As with every story, there’s that point where you look at the mess of notes, cross outs and yellow highlighted text on the screen and think, “How the hell am I ever going to turn this mess into a story?” As a “pantster” that can be a daunting task, especially when you’re writing early drafts that are sort of stream of consciousness and can—and do—go anywhere. But eventually you whittle and hone and polish and something readable turns out that others will enjoy—hopefully.

One of the best things was heading down to Venice and spending an afternoon and evening there. Not writing, but walking around like a tourist, soaking in the sights, the rays and the other “delicacies”… (Don’t tell my wife, oh wait, she was there with me.)

Also difficult but enjoyable at the same time was writing a story about a guy whose glory days were, in some sense, in the past. Days when he surfed and was carefree. Days before he joined the service and the cops and went out on his own to become a private eye with responsibilities to his clients and to pay bills and tough choices to make about what’s right and wrong. Days when he’d rather be surfing, but for one reason or another doesn’t get around to it. And, even though I’ve never been a P.I. or a cop, maybe I can relate to some of that and also find myself longing for those more innocent and free days.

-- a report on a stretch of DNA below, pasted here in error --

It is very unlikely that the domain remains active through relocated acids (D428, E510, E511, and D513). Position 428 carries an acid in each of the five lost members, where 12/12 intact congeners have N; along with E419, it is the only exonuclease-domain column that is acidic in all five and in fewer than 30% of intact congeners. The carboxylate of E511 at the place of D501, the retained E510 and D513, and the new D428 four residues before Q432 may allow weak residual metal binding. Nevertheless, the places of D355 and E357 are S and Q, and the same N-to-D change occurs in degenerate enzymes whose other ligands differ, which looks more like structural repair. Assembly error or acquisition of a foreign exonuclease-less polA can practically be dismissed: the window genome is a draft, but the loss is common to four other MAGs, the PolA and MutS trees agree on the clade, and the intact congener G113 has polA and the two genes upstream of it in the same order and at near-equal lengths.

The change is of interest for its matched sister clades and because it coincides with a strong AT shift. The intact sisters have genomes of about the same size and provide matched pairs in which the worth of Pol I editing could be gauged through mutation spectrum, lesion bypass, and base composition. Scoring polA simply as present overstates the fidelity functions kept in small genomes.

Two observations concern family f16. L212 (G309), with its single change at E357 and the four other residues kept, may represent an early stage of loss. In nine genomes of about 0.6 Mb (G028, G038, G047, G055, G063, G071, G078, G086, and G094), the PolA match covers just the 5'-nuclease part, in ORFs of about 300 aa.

How does it feel to be a Derringer finalist not only with "Windward", but also having produced an anthology that yielded three more finalists from its contributors?

In a word, Wow! It’s mind blowing! I’m totally thrilled. And I want to thank all the authors in the anthology and all the Derringer judges and voters.

The performance, if that’s the right word, of Coast to Coast: Private Eyes from Sea to Shining Sea is overwhelming to say the least. Not only are four of the stories nominated for Derringers (Matt Coyle’s “The #2 Pencil” for Best Short Story, “King’s Quarter,” by Andrew McAleer, “Kill My Wife, Please,” by Robert Randisi, and my story “Windward,” all in the Best Novelette category), but Art Taylor’s “A Necessary Ingredient” was nominated for an Agatha and is also nominated for an Anthony Award. In fact, the whole volume is nominated for a Best Anthology Anthony. And two of the stories, John Floyd’s “Gun Work” and “Windward” have been chosen by Louise Penny and Otto Penzler for inclusion in the best American Mysteries of 2018. Awesome on all counts! Not bad for an anthology by a small, indie publisher. I sort of feel like we’re the Little Engine That Could—The Little Anthology That Could.

This is my first Derringer nomination and to say that I’m ecstatic would be an understatement. And I’m not only ecstatic for myself, Andy, and all the other nominees but for all the authors in the book. You never know when you’re working on something how it’s going to be received. You hope for the best. But it’s still beyond gratifying to see all the hard work you do pay off in big ways. It’s great to get recognition for your work but also being able to bring other writers recognition for their work is (to quote a commercial) “priceless”. And I’m very grateful to the Short Mystery Fiction Society for their recognition.

Thank you for having me, Gerald.